DNA Sequencing • DNA is doublestranded • The strands are separated, and a polymerase DNA Sequencing • DNA is doublestranded • The strands are separated, and a polymerase is used to copy the second strand. • Special bases terminate this process early.

Sequencing • A break at T is shown here. • Measuring the lengths using Sequencing • A break at T is shown here. • Measuring the lengths using electrophoresis allows us to get the position of each T • The same can be done with every nucleotide. Fluorescent labeling can help separate different nucleotides

 • Automated detectors ‘read’ the terminating bases. • The signal decays after 1000 • Automated detectors ‘read’ the terminating bases. • The signal decays after 1000 bases.

Sequencing Genomes: Clone by Clone • Clones are constructed to span the entire length Sequencing Genomes: Clone by Clone • Clones are constructed to span the entire length of the genome. • These clones are ordered and oriented correctly (Mapping) • Each clone is sequenced individually

Shotgun Sequencing • Shotgun sequencing of clones was considered viable • However, researchers in Shotgun Sequencing • Shotgun sequencing of clones was considered viable • However, researchers in 1999 proposed shotgunning the entire genome.

Library • Create vectors of the sequence and introduce them into bacteria. As bacteria Library • Create vectors of the sequence and introduce them into bacteria. As bacteria multiply you will have many copies of the same clone.

Sequencing Sequencing

Questions • Algorithmic: How do you put the genome back together from the pieces? Questions • Algorithmic: How do you put the genome back together from the pieces? Will be discussed in the next lecture. • Statistical? • EX: Let G be the length of the genome, and L be the length of a fragment. How many fragments do you need to sequence? – The answer to the statistical questions had already been given in the context of mapping, by Lander and Waterman.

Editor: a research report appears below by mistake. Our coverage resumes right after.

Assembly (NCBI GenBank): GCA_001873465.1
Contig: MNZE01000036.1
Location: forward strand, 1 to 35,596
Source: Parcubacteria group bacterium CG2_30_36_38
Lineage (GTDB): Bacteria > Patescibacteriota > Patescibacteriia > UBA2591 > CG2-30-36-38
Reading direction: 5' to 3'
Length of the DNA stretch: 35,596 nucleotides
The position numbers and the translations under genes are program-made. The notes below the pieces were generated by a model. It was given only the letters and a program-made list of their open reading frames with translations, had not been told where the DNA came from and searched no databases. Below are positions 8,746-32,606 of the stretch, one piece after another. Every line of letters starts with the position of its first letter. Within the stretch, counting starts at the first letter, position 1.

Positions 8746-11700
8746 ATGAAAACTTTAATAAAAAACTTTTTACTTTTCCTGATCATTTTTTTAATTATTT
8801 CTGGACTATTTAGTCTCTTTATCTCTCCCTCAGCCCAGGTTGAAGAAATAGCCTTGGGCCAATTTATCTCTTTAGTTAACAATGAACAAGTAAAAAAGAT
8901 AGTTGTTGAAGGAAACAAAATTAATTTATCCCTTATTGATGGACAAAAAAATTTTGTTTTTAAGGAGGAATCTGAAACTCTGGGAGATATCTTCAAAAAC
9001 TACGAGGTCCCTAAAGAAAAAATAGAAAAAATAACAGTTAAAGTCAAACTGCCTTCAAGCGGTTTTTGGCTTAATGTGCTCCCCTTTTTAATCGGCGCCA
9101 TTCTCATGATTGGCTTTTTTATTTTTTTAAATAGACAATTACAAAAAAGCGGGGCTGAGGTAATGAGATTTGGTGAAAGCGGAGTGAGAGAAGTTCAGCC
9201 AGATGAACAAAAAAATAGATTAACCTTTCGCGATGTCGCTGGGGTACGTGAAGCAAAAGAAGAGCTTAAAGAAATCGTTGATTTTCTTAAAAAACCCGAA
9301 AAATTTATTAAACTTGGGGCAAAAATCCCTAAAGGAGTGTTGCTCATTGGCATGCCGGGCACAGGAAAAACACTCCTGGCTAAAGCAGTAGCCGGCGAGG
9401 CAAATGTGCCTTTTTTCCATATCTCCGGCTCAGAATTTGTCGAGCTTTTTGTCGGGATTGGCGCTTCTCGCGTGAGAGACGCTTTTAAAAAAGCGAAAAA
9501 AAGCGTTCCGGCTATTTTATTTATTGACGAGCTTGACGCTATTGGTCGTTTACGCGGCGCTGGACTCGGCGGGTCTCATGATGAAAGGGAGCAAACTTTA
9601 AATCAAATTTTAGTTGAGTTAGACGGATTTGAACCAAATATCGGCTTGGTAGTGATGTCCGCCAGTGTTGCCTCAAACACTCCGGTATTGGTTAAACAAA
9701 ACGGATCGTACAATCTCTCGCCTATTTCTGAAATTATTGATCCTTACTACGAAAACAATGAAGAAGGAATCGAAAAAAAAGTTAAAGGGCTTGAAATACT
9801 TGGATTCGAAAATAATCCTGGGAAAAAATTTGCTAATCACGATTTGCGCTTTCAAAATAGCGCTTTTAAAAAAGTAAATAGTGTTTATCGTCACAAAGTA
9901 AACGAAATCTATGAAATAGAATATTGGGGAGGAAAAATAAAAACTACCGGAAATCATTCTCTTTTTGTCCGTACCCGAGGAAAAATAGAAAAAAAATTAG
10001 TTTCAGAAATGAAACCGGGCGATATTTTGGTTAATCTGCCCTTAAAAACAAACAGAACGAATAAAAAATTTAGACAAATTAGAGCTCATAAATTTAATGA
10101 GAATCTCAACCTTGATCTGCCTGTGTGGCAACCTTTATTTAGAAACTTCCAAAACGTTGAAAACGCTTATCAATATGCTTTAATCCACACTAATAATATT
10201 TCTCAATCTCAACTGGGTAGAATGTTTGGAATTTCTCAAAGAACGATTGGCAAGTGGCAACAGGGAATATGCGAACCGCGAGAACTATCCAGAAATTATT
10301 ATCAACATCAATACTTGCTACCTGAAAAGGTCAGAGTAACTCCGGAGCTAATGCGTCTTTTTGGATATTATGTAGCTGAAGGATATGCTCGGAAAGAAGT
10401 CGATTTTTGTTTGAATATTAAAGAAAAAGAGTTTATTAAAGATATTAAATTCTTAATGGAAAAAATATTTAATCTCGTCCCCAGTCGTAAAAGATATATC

Lander Waterman Statistics Island L G Lander Waterman Statistics Island L G

LW statistics: questions • As the coverage c increases, more and more areas of LW statistics: questions • As the coverage c increases, more and more areas of the genome are likely to be covered. Ideally, you want to see 1 island. • Q 1: What is the expected number of islands? • Ans: N exp(-c ) • The number increases at first, and gradually decreases.

Analysis: Expected Number Islands • Computing Expected # islands. • Let Xi=1 if an Analysis: Expected Number Islands • Computing Expected # islands. • Let Xi=1 if an island ends at position i, Xi=0 otherwise. • Number of islands = ∑i Xi • Expected # islands = E(∑i Xi) = ∑i E(Xi)

Prob. of an island ending at i L i T • E(Xi) = Prob Prob. of an island ending at i L i T • E(Xi) = Prob (Island ends at pos. i) • =Prob(clone began at position i-L+1 AND no clone began in the next L-T positions)

LW statistics • Pr[Island contains exactly j clones]? • Consider an island that has LW statistics • Pr[Island contains exactly j clones]? • Consider an island that has already begun. With probability e c , it will never be continued. Therefore • Pr[Island contains exactly j clones]= • Expected # j-clone islands

Expected # of clones in an island Why? Expected # of clones in an island Why?

Expected length of an island Expected length of an island